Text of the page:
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Former MetroHealth CEO Dr. Akram Boutros sues health system

The dispute between MetroHealth and its former CEO, Dr. Akram Boutros, has escalated yet again.

Boutros on Monday, Nov. 28, filed a lawsuit in Cuyahoga County Court of Common Pleas detailing what he alleges are “multiple violations of Ohio’s Open Meetings Act” and the MetroHealth System’s board of trustees bylaws by the board and its chair, Vanessa L. Whiting.

A statement from Boutros’ lawyer, Jason Bristol of Cohen Rosenthal & Kramer LLP, said the lawsuit “is the result of an investigation that clearly demonstrates the wanton disregard for Ohio’s Open Meetings Act and the board bylaws … in both the hiring process for the health system’s new CEO and the so-called investigation of Dr. Boutros’ compensation.”

Bristol’s statement indicates the lawsuit “requests declaratory and injunctive relief to void the actions taken by the board in violation of the statute and to require the board to comply with its requirements in the future. Specifically, we are asking the court to nullify the unlawful investigation of Dr. Boutros and to nullify Dr. Boutros’ termination for cause” as CEO.

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MetroHealth’s board on Monday, Nov. 21, announced it had fired Boutros and said he had given himself more than $1.9 million in unauthorized bonuses over four years. The health system said it uncovered the improper bonuses during the transition process from Boutros, who intended to leave the CEO job at the end of the year, to incoming CEO Airica Steed, a veteran Chicago healthcare executive.

Boutros has denied the allegations and said the board authorized all bonuses. He said the system is retaliating against him for blowing the whistle on what he characterizes as the board’s violation of state sunshine laws.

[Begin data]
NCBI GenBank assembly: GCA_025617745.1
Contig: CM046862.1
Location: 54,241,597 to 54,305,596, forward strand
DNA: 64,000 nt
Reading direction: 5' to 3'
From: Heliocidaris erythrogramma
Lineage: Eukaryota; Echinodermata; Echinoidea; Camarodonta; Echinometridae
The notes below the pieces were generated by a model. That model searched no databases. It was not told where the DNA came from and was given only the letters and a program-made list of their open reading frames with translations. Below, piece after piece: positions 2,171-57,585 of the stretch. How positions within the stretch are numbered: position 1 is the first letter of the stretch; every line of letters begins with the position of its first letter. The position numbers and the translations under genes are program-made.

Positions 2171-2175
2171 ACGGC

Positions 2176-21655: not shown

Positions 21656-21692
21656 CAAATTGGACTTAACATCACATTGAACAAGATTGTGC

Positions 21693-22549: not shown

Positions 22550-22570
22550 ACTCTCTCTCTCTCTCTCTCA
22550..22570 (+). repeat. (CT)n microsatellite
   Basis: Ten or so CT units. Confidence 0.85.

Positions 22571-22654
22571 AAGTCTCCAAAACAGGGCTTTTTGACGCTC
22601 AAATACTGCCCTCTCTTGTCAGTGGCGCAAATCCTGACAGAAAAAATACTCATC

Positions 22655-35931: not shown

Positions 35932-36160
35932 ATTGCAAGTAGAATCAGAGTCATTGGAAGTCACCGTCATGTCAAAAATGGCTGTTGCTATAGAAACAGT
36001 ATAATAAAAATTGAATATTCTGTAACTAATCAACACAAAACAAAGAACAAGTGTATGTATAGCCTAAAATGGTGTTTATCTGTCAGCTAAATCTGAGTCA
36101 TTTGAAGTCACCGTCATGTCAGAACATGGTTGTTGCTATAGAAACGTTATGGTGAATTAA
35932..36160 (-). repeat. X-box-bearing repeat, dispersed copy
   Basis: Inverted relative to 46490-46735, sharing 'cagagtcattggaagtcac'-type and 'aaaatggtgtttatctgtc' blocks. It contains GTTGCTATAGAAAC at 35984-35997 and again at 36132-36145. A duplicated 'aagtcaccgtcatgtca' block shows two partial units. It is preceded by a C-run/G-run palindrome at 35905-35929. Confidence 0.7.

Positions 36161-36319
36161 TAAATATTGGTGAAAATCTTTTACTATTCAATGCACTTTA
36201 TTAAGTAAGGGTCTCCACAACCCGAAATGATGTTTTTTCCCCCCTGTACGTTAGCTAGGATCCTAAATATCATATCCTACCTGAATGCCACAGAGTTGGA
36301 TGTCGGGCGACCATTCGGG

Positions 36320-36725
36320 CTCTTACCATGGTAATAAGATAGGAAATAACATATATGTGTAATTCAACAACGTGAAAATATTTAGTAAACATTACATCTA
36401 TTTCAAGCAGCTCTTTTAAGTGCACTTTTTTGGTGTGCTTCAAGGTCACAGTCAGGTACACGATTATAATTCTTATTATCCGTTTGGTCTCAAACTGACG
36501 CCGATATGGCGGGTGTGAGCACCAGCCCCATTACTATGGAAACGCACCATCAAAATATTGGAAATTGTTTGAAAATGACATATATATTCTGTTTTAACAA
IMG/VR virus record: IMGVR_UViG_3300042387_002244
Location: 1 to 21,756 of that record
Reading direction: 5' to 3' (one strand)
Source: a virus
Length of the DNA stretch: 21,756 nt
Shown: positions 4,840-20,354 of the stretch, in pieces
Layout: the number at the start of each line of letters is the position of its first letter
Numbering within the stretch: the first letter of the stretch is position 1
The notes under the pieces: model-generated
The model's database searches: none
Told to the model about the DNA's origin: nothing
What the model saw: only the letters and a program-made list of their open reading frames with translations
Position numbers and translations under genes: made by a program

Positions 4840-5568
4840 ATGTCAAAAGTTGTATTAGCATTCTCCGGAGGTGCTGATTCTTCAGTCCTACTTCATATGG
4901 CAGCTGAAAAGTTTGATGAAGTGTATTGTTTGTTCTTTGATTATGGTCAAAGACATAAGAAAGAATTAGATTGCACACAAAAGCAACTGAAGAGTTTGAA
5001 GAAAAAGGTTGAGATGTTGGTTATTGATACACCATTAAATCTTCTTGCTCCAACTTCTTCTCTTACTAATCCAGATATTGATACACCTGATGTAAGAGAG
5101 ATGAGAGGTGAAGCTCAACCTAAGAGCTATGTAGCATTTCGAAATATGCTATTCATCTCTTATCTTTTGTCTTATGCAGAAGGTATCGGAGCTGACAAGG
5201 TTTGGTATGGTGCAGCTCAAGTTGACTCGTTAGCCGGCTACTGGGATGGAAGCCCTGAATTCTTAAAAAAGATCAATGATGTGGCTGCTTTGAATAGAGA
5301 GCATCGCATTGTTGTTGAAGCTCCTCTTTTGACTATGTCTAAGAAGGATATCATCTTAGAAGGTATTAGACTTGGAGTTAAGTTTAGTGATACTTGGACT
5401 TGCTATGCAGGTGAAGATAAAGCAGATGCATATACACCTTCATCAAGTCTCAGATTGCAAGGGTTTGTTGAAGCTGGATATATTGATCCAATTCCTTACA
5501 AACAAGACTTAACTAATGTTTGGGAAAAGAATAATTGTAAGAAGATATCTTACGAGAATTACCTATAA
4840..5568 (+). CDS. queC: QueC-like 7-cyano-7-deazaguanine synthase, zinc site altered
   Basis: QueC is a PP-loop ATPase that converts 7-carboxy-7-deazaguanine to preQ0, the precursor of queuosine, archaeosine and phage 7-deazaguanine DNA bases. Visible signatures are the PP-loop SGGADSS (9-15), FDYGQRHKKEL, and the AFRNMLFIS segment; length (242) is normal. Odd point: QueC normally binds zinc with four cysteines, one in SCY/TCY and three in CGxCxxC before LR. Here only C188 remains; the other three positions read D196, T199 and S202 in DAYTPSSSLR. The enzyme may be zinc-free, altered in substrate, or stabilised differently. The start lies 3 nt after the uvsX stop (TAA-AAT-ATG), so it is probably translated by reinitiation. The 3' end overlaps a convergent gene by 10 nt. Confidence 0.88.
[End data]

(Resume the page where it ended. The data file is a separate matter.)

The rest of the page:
Whiting, via MetroHealth’s media relations team, issued the following statement:

“We’re disappointed, though not surprised, that Dr. Boutros has filed a lawsuit. His allegations are little more than a distraction from these fundamental facts: That he awarded himself nearly $2 million in bonuses without proper review or authorization and that he concealed those payments from MetroHealth’s trustees and the public.

“We are confident the board acted in accord with Ohio law, but no one should lose sight of the irony that someone who for five years actively cloaked his actions is trying now to recast himself as a champion of sunshine.

“We will file our response in due time, but urge everyone to read the Tucker Ellis report that resulted from the investigation we launched into Dr. Boutros’ actions. It speaks for itself.”

Boutros’ lawsuit follows MetroHealth’s release on Friday, Nov. 25, of a report that details the health system’s case against its former CEO.

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The report is based on an investigation by the Tucker Ellis law firm and focuses on “Supplemental Performance Based Variable Compensation,” or Supplemental PBVC — bonuses available to top executives if the system met certain financial goals.

It stated that “neither the board’s nor the MetroHealth System’s national compensation consultants were aware of any Supplemental PBVC compensation paid to Boutros, and Boutros appears to be the key individual working with compensation consultant, Sullivan Cotter, to prepare the data that was subsequently used by both compensation consultants.” The report added that Boutros “did not otherwise acknowledge or disclose his receipt of Supplemental PBVC bonus compensation at other points in time in which such a disclosure would be relevant, including during contract negotiations.”

A spokesperson at the office of Cuyahoga County prosecutor Michael O’Malley on Monday would only confirm that the office had been in contact with the Ohio Ethics Commission over the matter, but declined further comment.

The MetroHealth report, prepared by John McCaffrey, a Tucker Ellis partner, stated, “The facts here suggest that Boutros may have engaged in conduct involving the offense of theft in office, in violation of R.C. 2921.41, and perhaps the offense of falsification, in violation of R.C. 2921.13.”

This story first appeared in Crain’s Cleveland Business.

 


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